Empowering Better Health

e4health tackles data, quality, and revenue challenges empowering your teams to focus on better care.

Our Leaders

Who We Serve



Upcoming Events

Sharing Best Practices

Sharing knowledge, experience, innovations and best practices to help organizations keep pace in the ever-changing healthcare industry.

Case Studies and White Papers

Webinars [Live and On Demand]

CDI and Coding Tips

News & Blog

Taking care of the business and quality of healthcare

e4health cares for the quality, data, and results of your healthcare, so that you can care for your patients.

Health IT Consulting

Enterprise Program Management and Governance

Legacy Data Migration and Validation

Legacy System Support

IT and Project Team Staffing

Clinical Informatics Solutions

Data Analytics

Testing Management and Coordination

Go-Live Support

Mid-Revenue Cycle


Risk Adjustment and HCCs

Education and Training

Health Information Management

eMPI Remediation and Ongoing Management

Clinical Data Abstraction

Legacy Data Migration and Validation

Document Management

Interim Leadership and Staffing


Software Solutions

AI and Automation Solutions
CDI Tips & Friendly Reminders: Cerebral Edema & Brain Compression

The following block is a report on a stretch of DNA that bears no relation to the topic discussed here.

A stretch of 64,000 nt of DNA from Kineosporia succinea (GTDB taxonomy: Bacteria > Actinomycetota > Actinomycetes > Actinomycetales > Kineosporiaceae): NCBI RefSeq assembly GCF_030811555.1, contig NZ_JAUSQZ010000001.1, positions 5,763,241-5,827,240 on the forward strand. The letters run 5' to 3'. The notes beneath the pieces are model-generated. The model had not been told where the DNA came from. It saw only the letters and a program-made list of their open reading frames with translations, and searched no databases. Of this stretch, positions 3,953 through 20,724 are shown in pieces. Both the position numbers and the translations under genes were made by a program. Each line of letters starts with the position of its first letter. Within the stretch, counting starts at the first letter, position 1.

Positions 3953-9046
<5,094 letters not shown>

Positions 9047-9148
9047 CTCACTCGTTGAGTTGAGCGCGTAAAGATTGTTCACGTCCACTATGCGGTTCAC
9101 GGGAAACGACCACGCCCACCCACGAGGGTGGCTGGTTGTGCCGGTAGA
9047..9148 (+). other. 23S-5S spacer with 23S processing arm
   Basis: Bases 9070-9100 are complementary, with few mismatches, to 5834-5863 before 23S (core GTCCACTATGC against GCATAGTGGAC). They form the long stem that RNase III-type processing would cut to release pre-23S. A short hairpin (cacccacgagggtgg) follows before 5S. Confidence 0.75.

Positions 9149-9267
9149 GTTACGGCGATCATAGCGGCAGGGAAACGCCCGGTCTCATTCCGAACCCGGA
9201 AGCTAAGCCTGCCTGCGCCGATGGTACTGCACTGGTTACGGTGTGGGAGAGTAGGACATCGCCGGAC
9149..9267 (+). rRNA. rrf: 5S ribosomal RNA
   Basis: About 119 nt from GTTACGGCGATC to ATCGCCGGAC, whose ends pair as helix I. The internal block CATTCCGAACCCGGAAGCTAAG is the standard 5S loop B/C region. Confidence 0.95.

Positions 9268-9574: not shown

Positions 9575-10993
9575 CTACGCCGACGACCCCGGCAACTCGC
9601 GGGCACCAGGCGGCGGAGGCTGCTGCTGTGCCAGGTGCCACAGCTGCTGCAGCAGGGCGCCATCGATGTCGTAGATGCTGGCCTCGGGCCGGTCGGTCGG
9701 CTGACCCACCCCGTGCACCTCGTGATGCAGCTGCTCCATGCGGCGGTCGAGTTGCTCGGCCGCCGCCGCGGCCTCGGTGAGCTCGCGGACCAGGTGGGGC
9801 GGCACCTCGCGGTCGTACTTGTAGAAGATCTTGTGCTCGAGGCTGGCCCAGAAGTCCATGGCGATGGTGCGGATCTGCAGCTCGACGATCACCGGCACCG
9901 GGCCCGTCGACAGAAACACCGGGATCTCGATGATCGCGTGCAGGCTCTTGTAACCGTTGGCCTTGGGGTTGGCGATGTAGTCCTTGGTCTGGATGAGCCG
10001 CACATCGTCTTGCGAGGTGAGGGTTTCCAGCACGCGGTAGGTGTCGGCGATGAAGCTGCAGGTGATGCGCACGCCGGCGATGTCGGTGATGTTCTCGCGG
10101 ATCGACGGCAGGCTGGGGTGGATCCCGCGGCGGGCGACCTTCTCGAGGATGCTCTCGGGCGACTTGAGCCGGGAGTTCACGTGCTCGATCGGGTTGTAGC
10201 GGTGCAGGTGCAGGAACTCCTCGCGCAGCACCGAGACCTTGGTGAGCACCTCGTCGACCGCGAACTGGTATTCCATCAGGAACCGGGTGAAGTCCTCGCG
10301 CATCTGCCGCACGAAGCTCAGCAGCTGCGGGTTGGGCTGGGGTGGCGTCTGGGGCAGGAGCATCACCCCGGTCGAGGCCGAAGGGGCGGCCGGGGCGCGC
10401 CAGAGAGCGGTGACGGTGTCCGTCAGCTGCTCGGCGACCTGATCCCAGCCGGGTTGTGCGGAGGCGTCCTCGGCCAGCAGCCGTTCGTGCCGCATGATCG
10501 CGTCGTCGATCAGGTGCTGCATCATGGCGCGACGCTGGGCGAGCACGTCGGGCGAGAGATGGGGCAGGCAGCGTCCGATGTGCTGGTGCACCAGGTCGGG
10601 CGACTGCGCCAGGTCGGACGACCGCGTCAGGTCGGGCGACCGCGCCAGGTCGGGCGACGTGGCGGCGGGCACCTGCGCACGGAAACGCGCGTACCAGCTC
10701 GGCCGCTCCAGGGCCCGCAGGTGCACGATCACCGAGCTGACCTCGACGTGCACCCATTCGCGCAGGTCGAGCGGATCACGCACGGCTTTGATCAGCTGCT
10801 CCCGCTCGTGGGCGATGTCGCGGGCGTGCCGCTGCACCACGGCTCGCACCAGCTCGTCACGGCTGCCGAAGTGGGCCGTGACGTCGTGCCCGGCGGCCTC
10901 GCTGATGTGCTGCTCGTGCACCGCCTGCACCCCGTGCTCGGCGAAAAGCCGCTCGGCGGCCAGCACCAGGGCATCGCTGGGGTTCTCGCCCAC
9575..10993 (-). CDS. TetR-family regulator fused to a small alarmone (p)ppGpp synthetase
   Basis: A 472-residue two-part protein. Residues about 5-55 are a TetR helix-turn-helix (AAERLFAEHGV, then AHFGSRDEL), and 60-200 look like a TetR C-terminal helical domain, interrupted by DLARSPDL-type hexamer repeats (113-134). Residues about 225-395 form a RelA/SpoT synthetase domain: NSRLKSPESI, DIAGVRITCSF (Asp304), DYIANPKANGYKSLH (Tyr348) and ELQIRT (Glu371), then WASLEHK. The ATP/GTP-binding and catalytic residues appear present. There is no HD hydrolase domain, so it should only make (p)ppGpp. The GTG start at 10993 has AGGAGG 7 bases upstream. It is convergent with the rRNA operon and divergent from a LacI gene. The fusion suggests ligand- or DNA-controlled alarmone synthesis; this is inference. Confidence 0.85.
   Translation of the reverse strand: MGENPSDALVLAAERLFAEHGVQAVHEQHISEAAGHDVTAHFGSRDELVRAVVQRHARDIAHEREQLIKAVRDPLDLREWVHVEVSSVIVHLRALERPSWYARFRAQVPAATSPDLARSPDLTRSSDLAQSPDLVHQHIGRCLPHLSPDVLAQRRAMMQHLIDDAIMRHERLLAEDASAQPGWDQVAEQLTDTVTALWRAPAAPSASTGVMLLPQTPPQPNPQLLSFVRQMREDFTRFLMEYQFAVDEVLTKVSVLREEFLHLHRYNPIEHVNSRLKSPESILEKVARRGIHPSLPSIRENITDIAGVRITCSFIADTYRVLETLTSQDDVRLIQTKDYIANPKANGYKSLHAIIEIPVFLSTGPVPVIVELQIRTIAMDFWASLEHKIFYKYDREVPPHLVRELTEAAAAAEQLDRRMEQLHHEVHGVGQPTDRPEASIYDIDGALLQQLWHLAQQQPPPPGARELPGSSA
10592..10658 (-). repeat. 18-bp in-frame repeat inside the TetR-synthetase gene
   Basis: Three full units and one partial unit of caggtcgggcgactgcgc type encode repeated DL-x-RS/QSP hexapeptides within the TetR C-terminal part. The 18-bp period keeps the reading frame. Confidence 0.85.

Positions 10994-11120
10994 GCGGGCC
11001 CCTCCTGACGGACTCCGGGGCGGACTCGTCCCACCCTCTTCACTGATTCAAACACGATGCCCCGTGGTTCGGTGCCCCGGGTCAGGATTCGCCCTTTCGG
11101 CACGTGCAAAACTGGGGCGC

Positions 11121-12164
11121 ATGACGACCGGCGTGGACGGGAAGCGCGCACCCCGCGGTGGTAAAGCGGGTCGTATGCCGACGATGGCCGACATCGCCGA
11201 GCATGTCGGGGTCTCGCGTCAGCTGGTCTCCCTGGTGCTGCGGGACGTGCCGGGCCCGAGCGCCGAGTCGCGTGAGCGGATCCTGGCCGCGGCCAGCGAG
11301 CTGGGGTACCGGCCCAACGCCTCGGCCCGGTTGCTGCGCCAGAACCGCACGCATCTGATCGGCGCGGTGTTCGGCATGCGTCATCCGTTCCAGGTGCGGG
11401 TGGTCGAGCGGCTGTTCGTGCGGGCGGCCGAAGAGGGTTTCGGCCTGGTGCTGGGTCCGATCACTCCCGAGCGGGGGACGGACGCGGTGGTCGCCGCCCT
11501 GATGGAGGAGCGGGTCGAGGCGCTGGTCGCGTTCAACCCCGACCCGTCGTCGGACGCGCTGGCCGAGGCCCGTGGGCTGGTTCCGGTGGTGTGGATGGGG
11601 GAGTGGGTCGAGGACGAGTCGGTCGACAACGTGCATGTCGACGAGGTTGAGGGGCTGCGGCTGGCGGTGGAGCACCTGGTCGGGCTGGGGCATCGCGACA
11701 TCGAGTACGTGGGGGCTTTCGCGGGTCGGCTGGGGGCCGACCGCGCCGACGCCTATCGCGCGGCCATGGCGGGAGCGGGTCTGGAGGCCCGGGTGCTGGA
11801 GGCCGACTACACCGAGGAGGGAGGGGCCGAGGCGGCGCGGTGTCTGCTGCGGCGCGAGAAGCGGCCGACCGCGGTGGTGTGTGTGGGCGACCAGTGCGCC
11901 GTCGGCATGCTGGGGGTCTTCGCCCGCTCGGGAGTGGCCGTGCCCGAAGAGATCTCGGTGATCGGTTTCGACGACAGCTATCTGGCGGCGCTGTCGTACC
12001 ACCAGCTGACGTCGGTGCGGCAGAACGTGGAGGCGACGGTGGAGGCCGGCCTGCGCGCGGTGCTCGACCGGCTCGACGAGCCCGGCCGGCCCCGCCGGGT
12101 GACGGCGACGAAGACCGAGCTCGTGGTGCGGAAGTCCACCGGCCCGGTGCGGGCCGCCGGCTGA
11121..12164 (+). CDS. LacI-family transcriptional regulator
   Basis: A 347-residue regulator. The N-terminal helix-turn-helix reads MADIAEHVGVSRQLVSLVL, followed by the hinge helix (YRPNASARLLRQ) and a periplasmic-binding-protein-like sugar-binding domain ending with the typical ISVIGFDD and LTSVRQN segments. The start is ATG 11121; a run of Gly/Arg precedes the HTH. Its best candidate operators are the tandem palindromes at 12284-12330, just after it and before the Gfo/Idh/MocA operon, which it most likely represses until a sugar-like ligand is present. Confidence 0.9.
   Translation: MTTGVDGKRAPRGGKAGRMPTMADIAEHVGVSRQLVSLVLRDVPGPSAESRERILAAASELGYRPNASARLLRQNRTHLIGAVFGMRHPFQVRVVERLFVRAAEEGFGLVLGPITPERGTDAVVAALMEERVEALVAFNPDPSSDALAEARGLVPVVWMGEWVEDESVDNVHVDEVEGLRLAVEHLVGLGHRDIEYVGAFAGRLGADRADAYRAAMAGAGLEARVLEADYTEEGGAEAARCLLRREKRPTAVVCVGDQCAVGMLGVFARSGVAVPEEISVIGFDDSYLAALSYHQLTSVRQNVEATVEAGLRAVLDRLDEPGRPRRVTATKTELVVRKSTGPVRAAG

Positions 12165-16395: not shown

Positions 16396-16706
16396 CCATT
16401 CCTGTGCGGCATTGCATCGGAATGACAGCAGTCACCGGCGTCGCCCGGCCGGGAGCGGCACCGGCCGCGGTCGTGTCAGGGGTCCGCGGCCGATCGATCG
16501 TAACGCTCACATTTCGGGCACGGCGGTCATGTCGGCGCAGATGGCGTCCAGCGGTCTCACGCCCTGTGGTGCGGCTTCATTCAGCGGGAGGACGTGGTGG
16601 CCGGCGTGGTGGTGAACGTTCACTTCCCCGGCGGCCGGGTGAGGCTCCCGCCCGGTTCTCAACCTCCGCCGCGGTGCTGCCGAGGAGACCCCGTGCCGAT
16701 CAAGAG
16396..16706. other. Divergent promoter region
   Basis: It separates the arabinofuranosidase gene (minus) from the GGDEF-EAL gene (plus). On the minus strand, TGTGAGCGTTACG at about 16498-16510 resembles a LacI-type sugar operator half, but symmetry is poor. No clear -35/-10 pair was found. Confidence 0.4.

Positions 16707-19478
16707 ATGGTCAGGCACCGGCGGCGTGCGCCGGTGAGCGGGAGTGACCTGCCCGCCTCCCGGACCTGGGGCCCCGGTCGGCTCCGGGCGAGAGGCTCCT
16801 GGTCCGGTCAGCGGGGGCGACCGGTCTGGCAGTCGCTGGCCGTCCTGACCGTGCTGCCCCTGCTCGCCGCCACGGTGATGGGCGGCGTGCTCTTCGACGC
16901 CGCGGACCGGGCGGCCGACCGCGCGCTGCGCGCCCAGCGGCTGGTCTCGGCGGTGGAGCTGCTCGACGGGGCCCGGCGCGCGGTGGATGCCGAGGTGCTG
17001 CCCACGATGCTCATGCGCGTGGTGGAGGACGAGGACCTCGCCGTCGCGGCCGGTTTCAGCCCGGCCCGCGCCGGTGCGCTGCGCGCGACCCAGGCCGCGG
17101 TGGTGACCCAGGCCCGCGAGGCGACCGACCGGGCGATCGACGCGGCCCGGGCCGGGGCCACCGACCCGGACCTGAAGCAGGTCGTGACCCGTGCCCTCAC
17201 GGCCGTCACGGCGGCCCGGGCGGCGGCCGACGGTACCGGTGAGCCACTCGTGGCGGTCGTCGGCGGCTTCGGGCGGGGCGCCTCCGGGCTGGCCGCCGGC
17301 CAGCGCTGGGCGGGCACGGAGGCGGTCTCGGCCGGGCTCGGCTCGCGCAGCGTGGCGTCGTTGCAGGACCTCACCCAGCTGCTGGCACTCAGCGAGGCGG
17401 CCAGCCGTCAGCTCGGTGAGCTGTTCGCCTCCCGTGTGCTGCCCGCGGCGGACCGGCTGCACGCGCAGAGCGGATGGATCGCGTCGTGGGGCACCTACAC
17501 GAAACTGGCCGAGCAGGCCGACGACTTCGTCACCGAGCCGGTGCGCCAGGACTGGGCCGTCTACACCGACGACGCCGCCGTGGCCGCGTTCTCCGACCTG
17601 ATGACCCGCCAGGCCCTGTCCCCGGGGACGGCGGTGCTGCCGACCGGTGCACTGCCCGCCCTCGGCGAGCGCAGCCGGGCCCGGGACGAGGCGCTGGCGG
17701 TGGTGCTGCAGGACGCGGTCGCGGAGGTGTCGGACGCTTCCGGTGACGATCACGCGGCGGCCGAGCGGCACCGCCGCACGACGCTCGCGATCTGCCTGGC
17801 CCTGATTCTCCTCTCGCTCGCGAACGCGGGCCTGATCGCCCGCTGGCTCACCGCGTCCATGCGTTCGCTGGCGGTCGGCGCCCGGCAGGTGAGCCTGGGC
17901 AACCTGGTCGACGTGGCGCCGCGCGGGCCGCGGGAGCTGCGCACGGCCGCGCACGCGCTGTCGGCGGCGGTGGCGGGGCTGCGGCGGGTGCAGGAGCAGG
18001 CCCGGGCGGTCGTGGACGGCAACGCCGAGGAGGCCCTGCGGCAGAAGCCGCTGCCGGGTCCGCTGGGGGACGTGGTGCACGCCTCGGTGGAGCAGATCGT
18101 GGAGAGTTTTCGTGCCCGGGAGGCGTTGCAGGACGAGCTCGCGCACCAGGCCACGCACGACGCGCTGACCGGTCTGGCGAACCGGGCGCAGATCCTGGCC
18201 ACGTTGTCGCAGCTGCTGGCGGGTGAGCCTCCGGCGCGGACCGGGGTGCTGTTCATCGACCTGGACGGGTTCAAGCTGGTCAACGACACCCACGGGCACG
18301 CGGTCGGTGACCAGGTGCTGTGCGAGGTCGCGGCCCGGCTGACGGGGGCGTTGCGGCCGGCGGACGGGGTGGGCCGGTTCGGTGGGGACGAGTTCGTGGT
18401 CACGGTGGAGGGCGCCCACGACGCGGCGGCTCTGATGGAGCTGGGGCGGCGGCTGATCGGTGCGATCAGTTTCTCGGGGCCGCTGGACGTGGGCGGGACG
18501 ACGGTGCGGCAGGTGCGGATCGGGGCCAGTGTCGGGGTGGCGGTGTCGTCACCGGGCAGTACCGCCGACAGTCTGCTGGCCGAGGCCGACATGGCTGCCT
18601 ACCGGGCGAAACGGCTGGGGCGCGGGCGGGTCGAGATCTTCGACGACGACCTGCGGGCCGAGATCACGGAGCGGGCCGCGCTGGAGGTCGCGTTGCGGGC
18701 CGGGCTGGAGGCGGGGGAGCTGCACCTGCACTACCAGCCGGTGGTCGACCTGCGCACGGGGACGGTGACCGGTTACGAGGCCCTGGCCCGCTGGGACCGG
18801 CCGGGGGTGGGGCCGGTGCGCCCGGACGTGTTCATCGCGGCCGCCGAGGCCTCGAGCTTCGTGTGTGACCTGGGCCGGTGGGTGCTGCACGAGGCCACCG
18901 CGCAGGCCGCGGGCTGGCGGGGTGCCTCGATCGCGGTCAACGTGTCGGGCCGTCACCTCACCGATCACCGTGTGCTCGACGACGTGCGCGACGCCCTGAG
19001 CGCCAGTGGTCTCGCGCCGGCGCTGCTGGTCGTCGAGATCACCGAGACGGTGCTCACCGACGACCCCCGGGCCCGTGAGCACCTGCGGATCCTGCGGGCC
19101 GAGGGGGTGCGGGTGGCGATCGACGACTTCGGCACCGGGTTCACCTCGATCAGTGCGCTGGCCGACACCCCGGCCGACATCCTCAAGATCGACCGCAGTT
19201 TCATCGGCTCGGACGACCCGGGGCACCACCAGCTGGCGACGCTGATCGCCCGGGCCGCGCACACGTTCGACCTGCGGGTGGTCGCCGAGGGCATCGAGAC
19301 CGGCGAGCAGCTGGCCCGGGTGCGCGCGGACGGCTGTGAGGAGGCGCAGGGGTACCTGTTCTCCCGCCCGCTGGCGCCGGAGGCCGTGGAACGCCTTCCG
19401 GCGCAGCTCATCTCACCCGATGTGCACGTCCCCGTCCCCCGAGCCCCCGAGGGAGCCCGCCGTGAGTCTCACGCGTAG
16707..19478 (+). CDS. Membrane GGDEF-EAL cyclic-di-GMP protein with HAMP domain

Cerebral Edema & Brain Compression

Cerebral Edema Definition: Swelling of the brain. Can result from a variety of derangements that can stem from trauma, hypoxia, infection, CVA, intracerebral hemorrhage, metabolic derangements, hepatitis, Reye syndrome, carbon monoxide poisoning, lead poisoning, high altitude, acute hypertension, or tumors

Brain Compression Definition: Increased pressure pushing on the brain causing displacement that can lead to herniation.

Brain Herniation Definition: Occurs when increased intracranial pressure causes abnormal protrusion of brain tissue through openings in rigid intracranial barriers (tentorial notch, falx cerebri, foramen magnum). Classified based on the structure through which tissue is herniated. Types include: transtentorial (uncal), subfalcine, central, upward transtentorial or tonsillar. Common etiologies include, but are not limited to, traumatic epidural/subdural hematoma, malignant infarction, tumors, infections, hydrocephalus, diffuse subarachnoid hemorrhage, pneumocephalus (traumatic or postoperative), CSF over drainage, metabolic-hepatic encephalopathy, contusion, or intracerebral hemorrhage. 


Diagnostic Criteria

  • Brain CT and/or MRI will confirm the presence of cerebral edema, compression, and/or herniation. 
  • Brain herniation signs/symptoms can be more pronounced depending on the degree of herniation.